The Boundaries of Solidarity: Multilevel Governance and Welfare Chauvinism
The increasing complexity and heterogeneity of contemporary societies represent a major challenge to European welfare states. Their boundaries of social rights, political participation and ethnic belonging used to be highly congruent. In the past few decades, however, globalization, European integration and mass immigration have eroded this congruence. Policy makers are confronted with a dilemma. In view of increased international interdependence, the call for transnational solidarity has become more vocal. However, citizens do not necessarily adapt their allegiances to the transnationalization of their realm. To the contrary, globalization also triggers counter-reactions such as ethnocentrism and parochialism). Hence, there is increasing controversy over who should contribute to, and benefit from, national welfare states, and whether these welfare states should be upscaled to a supranational level.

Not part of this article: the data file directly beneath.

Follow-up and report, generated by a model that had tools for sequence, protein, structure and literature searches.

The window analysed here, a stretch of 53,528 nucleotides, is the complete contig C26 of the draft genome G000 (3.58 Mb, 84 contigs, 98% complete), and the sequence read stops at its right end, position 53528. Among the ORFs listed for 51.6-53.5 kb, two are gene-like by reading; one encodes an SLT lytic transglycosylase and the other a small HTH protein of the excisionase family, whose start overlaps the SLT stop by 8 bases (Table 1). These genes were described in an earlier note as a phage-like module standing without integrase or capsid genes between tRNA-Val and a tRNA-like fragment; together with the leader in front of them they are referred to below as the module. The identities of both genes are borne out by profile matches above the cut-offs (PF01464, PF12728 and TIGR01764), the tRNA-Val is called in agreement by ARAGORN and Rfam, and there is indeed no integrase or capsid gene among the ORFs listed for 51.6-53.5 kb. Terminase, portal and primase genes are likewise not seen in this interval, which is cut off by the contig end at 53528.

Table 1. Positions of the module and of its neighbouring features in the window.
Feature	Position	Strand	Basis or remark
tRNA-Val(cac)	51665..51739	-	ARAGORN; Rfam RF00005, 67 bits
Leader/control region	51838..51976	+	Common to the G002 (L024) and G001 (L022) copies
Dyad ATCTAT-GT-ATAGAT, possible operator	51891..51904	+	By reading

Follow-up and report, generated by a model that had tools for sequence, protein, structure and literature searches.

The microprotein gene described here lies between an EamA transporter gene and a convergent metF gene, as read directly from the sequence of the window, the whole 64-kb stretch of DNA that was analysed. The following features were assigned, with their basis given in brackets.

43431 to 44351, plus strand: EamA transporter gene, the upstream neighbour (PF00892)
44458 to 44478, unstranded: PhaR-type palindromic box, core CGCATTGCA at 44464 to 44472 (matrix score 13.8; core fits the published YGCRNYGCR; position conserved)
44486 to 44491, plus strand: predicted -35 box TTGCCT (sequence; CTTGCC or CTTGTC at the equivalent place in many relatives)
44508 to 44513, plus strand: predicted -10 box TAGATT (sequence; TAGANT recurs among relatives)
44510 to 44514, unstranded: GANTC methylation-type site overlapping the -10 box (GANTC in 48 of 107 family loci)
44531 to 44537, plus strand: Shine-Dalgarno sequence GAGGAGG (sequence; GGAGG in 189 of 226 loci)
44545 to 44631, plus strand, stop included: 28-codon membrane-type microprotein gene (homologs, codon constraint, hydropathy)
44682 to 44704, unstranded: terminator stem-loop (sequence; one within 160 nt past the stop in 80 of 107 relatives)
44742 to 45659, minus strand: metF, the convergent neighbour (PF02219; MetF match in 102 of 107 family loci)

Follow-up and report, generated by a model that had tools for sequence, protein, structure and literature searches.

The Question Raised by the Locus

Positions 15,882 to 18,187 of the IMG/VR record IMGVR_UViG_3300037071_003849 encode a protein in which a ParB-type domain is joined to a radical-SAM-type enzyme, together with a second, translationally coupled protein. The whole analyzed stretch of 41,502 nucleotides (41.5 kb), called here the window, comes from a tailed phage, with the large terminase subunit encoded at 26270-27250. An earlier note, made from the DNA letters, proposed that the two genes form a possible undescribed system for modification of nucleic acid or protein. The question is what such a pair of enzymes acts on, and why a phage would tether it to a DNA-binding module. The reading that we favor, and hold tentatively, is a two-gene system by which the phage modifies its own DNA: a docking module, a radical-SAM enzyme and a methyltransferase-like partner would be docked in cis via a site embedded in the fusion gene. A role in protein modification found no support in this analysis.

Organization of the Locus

Against this backdrop, I will write a monograph on national and transnational welfare state solidarity in the European Union. In a nutshell, the book first maps out the boundaries of solidarity in Europe by analysing the incidence of public support for welfare chauvinism across European societies and across social policy areas. I expect that boundaries of solidarity are strongest in unemployment policy or national pension systems and weakest in areas such as child care. I then move on to ask how and under which conditions these national boundaries can be overcome by examining who is most likely to show solidarity towards other Europeans, who are the individual recipients most likely to receive solidarity, and how can social policies be designed to garner public support for transnational solidarity in the EU?
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